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Lanni Marchant is a record-holding Canadian long distance runner from London, Ontario. On October 20, 2013, Marchant set the Canadian women's marathon record at the Scotiabank Toronto Waterfront Marathon, running it in exactly 2:28:00.
|Born||11 April 1984|
London, Ontario, Canada
|Height||1.55 m (5 ft 1 in)|
|Weight||48 kg (106 lb)|
|Updated on July 2014.|
In elementary school she ran as part of her curriculum, and as a great way to cross train for figure skating. By the time she hit high school, she also saw it as a way to make new friends. In grade 10, Marchant joined the high school cross-country team, and quickly replaced her skating time with running time. Marchant decided to quit skating the following holiday season, and joined The London Western Track and Field Club.
Running career and educationEdit
Marchant kept up her running throughout high school, racing at track meets, and regional championships, eventually earning a scholarship to the University of Tennessee at Chattanooga. After a frustrating freshman cross country season, she won her first conference championship in the Steeplechase, and went on to win several more titles in the 5,000m, 10,000m, and in cross country. In 2007, after representing the Mocs for 4 seasons, Marchant graduated from UTC with an economics pre-law degree. She moved on to law school at the University of Ottawa, and Michigan State University, graduating in May 2011 with two law degrees. It was during this time that she turned her focus towards road racing, and developed an affinity for the open road. With a hefty work load, and ever increasing mileage, she has claimed "the tenacity I draw on to run marathons was forged during this time".
Marchant has represented Canada at the Chiba Ekiden relays (2008, 2010, 2011, 2012), at the 2013 World Championships in the marathon event, and at the 2014 Commonwealth Games in Glasgow, Scotland, in the marathon event.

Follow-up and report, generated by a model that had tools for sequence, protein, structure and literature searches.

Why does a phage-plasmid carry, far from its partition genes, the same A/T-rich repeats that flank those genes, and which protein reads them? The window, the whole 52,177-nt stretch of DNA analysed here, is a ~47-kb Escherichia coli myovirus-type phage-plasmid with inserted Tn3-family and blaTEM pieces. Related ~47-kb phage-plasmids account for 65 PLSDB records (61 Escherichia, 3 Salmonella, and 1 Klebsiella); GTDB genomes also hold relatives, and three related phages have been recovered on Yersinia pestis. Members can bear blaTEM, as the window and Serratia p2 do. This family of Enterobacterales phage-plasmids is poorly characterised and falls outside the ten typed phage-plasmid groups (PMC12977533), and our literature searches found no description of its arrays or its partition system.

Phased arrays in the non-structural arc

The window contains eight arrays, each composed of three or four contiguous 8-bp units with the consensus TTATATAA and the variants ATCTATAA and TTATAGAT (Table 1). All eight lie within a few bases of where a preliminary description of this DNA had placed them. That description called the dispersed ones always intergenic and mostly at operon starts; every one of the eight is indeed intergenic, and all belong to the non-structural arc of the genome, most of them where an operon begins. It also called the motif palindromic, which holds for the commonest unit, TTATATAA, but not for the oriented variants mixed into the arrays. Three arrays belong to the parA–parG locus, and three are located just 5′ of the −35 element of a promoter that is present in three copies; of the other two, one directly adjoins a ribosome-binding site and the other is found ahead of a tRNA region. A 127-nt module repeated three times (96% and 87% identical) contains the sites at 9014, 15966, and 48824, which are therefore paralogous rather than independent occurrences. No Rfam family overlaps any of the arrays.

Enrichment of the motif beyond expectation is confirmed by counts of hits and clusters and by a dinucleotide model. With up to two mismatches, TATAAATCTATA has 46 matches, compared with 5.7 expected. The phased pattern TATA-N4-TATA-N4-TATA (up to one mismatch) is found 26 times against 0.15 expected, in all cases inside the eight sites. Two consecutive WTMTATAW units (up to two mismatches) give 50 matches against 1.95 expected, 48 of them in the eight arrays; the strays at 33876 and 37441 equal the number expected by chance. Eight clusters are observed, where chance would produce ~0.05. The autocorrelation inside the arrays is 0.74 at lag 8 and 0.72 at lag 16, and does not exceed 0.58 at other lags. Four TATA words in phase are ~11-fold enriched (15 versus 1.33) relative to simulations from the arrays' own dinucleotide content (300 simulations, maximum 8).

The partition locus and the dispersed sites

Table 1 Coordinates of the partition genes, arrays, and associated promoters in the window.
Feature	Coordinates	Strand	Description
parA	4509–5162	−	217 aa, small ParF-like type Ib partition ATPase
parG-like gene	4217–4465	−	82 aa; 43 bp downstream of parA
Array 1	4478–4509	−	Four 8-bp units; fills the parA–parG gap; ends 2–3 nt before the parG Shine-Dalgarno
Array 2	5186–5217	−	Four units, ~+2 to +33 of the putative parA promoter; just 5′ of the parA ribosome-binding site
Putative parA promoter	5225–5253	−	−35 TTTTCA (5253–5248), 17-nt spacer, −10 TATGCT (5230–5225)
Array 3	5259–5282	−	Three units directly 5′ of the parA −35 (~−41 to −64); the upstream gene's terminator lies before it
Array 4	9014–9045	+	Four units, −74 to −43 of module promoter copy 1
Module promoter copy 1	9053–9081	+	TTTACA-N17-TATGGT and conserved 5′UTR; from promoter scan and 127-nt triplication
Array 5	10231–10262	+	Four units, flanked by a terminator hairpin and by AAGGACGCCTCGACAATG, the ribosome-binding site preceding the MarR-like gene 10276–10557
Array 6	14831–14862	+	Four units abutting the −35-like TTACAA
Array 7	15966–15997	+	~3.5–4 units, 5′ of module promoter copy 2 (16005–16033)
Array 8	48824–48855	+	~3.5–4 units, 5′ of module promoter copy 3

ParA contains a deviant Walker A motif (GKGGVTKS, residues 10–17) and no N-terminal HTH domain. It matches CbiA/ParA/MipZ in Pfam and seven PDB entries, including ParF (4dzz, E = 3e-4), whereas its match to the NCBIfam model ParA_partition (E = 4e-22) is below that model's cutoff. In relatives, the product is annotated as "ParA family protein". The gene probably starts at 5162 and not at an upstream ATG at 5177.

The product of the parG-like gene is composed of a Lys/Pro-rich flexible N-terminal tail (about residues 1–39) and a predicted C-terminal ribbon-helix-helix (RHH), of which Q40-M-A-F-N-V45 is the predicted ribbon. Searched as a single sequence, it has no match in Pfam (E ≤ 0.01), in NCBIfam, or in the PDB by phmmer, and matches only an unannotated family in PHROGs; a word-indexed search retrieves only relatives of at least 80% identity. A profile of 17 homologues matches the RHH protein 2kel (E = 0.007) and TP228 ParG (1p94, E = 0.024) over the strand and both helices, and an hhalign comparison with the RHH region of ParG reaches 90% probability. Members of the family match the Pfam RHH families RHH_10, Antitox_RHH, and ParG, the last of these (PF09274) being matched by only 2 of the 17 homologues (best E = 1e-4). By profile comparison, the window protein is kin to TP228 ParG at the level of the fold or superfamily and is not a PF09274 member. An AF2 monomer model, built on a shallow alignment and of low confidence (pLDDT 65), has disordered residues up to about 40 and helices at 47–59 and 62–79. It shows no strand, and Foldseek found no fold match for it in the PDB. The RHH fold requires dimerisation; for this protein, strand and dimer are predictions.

Marchant studied law at Michigan State University where she also ran. Marchant placed fourth at the Canadian 10k championships in 2011. The same year, she clocked a 2:44 at the Chicago Marathon. In 2012, Marchant finished the Rotterdam Marathon with a time of 2:31:50. While Marchant's time met the IAAF qualifying standard of 2:37, it did not meet the Canadian Olympic "A" standard of 2:29:55, so she was not eligible to represent Canada at the 2012 London Olympics. A subsequent appeal was denied by Athletics Canada.
In 2013, Marchant represented Canada in the women's marathon at the 14th IAAF World Championships in Moscow. She finished in 44th place with a time of 3:01:51, citing intense heat, and humidity as causative factors. Suffering from intense leg cramps, she repeatedly stabbed her leg with a safety pin in an attempt to correct her condition. It did not work.
In 2014, she was the fastest female Canadian runner at the Boston Marathon, where she had a time of 2:30:34. Also in 2014, at the Tom King Half-Marathon, Marchant clocked a Canadian half-marathon record time of 1:10:47.
Marchant was inducted into the University of Tennessee at Chattanooga Hall of Fame on February 20, 2015.
- Rio 2016 bio
- Kim Nursall. "Toronto Waterfront Marathon: Lanni Marchant smashes Canadian record". Toronto Star. Retrieved 20 October 2013.
- "Bio". Lanni Marchant. Retrieved 14 February 2015.
- Doyle, Michael (September 2013), "Going For Glory: Lanni Marchant faces her biggest trial in Moscow", Canadian Running, pp. 46–47
- "Marchant and DuChene's appeal denied". Canadian Running Magazine. Retrieved 14 February 2015.
- "RESULTS : 14TH IAAF WORLD CHAMPIONSHIPS". Iaaf.org. Retrieved 14 February 2015.
- Lori Ewing (27 July 2014). "Canada's Lanni Marchant finishes 4th in Commonwealth Games marathon". Global News. Retrieved 14 February 2015.
- "Edmonton's Tom McGrath fastest Canadian at Boston Marathon". Cbc.ca. 21 April 2014. Retrieved 14 February 2015.
- "London". The London Free Press. Retrieved 14 February 2015.
- "Lanni Marchant". Lanni Marchant. Retrieved 14 February 2015.
- Hossain, Asif (11 July 2016). "Athletics Canada nominates largest squad to Team Canada for Rio". Canadian Olympic Committee. Retrieved 11 July 2016.